#                  #
####################
poeml <- c("Stay the patient course.", "Of little worth is your ire.", "The network is down.")
nmax <- max(nchar(poeml))
cat(sprintf("%*s", nmax, poeml), sep = "\n")
```
```##     Stay the patient course.
## Of little worth is your ire.
##         The network is down.
```
```####################
#                  #
#    Exercise 5    #
#                  #
####################

tohex <- function(x) {
sprintf("%1\$d is %1\$x in hexadecimal", x)
}

tohex(12)
```
```## [1] "12 is c in hexadecimal"
```
```####################
#                  #
#    Exercise 6    #
#                  #
####################
title <- "A great poem"
sprintf("<h1>%s</h1>", title)
```
```## [1] "<h1>A great poem</h1>"
```
```# shiny::h1(title)

####################
#                  #
#    Exercise 7    #
#                  #
####################
library(magrittr)
poeml  %>%
sprintf("<li>%s</li>", .) %>%
paste(., collapse = " ") %>%
sprintf("<ul>%s</ul>", .)
```
```## [1] "<ul><li>Stay the patient course.</li> <li>Of little worth is your ire.</li> <li>The network is down.</li></ul>"
```
```####################
#                  #
#    Exercise 8    #
#                  #
####################
text_list <- function(x) {
n <- length(x)
if (n <= 1) {
return(x)
}
paste(paste(x[-n], collapse = ", "), "and", x[n])
}
films <- c("The Shawshank Redemption", "The Godfather", "The Godfather: Part II", "The Dark Knight", "12 Angry Men", "Schindler's List")

sprintf("The top ranked films on imdb.com are %s", text_list(films))
```
```## [1] "The top ranked films on imdb.com are The Shawshank Redemption, The Godfather, The Godfather: Part II, The Dark Knight, 12 Angry Men and Schindler's List"
```
```####################
#                  #
#    Exercise 9    #
#                  #
####################
perc <- function(x, dp) {
sprintf("%.*f%%", dp, x*100)
}
input <- 0.921313
perc(input, 2)
```
```## [1] "92.13%"
```
```####################
#                  #
#    Exercise 10   #
#                  #
####################

perc2 <- function(x, dp) {
p <- sprintf("%.*f%%", dp, x*100)
if(any(nchar(p) > 10)) stop("Too long percentage")
sprintf("%10s", p)
}

set.seed(1)
cat(perc2(rnorm(10), 1), sep="\n")
```
```##     -62.6%
##      18.4%
##     -83.6%
##     159.5%
##      33.0%
##     -82.0%
##      48.7%
##      73.8%
##      57.6%
##     -30.5%
```
```perc2(999, 4)
```
```## Error in perc2(999, 4): Too long percentage
```

# Programmatically Creating Text Outputs in R: Exercises

In the age of Rmarkdown and Shiny, or when making any custom output from your data, you want your output to look consistent and neat. Also, when writing your output, you often want it to obtain a specific (decorative) format defined by the html or LaTeX engine. These exercises are an opportunity to refresh our memory on functions, such as paste, sprintf, formatC and others that are convenient tools to achieve these ends. All of the solutions rely partly on the ultra flexible sprintf(), but there are no-doubt many ways to solve the exercises with other functions. Feel free to share your solutions in the comment section.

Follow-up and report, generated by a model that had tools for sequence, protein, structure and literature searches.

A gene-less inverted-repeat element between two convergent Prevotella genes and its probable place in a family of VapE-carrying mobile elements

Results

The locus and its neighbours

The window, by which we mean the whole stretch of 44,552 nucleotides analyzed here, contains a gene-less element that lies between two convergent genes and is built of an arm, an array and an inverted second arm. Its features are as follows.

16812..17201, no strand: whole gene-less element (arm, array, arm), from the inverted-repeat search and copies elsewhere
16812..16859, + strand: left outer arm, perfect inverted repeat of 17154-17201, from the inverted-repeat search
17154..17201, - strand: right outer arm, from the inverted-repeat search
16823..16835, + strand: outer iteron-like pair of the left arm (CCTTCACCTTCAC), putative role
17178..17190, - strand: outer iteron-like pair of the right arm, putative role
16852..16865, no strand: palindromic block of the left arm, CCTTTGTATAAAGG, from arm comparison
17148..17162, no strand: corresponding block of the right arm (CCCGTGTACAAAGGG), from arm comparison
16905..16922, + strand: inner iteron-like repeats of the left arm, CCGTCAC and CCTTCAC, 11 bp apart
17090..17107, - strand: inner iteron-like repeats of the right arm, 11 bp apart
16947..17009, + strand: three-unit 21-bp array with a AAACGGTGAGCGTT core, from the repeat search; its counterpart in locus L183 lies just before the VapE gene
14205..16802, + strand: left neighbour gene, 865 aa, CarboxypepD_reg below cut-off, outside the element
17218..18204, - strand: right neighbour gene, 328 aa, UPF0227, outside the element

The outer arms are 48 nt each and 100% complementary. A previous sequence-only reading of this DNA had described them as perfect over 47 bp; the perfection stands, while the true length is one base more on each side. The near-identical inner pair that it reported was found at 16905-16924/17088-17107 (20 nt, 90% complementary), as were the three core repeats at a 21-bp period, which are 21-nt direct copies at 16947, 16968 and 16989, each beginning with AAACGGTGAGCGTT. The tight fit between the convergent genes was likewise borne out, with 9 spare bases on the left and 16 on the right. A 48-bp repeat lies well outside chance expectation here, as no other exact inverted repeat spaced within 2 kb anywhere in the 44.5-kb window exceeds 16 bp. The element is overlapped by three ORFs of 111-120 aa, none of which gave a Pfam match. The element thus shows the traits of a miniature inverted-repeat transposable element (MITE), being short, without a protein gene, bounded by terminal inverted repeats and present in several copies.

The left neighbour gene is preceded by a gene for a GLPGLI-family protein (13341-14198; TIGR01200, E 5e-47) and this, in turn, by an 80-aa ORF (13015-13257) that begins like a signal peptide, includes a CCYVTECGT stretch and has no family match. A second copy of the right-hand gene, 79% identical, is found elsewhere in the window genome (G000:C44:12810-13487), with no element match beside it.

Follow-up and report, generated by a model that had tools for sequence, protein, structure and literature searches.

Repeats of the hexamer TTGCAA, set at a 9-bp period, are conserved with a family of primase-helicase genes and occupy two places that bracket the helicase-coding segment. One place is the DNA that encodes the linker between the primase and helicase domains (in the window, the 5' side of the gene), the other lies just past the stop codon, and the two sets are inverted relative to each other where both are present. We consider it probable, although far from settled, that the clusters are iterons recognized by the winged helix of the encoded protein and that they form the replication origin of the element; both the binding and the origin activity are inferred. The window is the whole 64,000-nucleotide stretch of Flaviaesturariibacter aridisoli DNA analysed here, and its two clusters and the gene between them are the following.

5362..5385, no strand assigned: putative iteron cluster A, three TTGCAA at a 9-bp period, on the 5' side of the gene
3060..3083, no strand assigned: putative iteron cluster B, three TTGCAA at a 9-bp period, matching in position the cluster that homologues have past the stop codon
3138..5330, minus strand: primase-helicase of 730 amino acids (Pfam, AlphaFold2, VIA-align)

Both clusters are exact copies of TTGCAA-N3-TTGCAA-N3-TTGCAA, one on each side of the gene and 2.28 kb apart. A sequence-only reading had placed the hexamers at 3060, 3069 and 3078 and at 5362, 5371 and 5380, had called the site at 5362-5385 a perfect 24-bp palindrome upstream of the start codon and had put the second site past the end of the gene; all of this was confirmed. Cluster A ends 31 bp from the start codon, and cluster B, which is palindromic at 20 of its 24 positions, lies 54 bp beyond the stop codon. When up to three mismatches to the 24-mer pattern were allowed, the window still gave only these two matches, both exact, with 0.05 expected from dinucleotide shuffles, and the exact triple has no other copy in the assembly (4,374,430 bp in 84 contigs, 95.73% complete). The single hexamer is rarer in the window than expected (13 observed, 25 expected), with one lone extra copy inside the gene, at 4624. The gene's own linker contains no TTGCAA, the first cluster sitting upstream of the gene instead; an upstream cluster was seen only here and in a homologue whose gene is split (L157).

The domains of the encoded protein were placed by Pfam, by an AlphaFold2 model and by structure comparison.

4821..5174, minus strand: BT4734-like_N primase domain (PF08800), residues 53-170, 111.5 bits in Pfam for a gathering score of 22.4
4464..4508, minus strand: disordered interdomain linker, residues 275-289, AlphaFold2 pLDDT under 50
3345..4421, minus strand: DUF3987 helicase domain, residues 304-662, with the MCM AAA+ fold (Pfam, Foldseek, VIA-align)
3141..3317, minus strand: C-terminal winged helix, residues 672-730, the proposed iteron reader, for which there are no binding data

Example solutions are available here.

Exercise 1

Print out the following vector as prices in dollars (to the nearest cent):
```c(14.3409087337707, 13.0648270623048, 3.58504267621646, 18.5077076398145, 16.8279241011882)```. Example: `\$14.34`

Exercise 2

Using these numbers, `c(25, 7, 90, 16)`, make a vector of filenames in the following format: `file_025.txt`. Left pad the numbers so they are all three digits.

Exercise 3

Actually, if we are only dealing with numbers less than one hundred, `file_25.txt` would have been enough. Change the code from the last exercise so that the padding is pro-grammatically decided by the biggest number in the vector.

Exercise 4

Print out the following haiku on three lines, right aligned, with the help of cat: `c("Stay the patient course.", "Of little worth is your ire.", "The network is down.")`.

Exercise 5

Write a function that converts a number to its hexadecimal representation. This is a useful skill when converting bmp colors from one representation to another. Example output:

```      tohex(12)
[1] "12 is c in hexadecimal"
```

Exercise 6

Take a string and pro-grammatically surround it with the html header tag `h1`.

Exercise 7

Back to the poem from exercise 4, let R convert to html unordered list so that it would appear like the following in a browser:

• Stay the patient course
• Of little worth is your ire
• The network is down

Exercise 8

Here is a list of the current top 5 movies on imdb.com in terms of rating `c("The Shawshank Redemption", "The Godfather", "The Godfather: Part II", "The Dark Knight", "12 Angry Men", "Schindler's List")`. Convert them into a list compatible with the written text.

Example output:

`[1] "The top ranked films on imdb.com are The Shawshank Redemption, The Godfather, The Godfather: Part II, The Dark Knight, 12 Angry Men and Schindler's List"`

Exercise 9

Now, you should be able to solve this quickly: write a function that converts a proportion to a percentage that takes as input number of decimal places. An input of 0.921313 and 2 decimal places should return `"92.13%"`.

Exercise 10

Improve the function from the last exercise so that the percentage consistently takes 10 characters by doing some left padding. Raise an error if the percentage already happens to be longer than 10.

(Image by Daniel Friedman).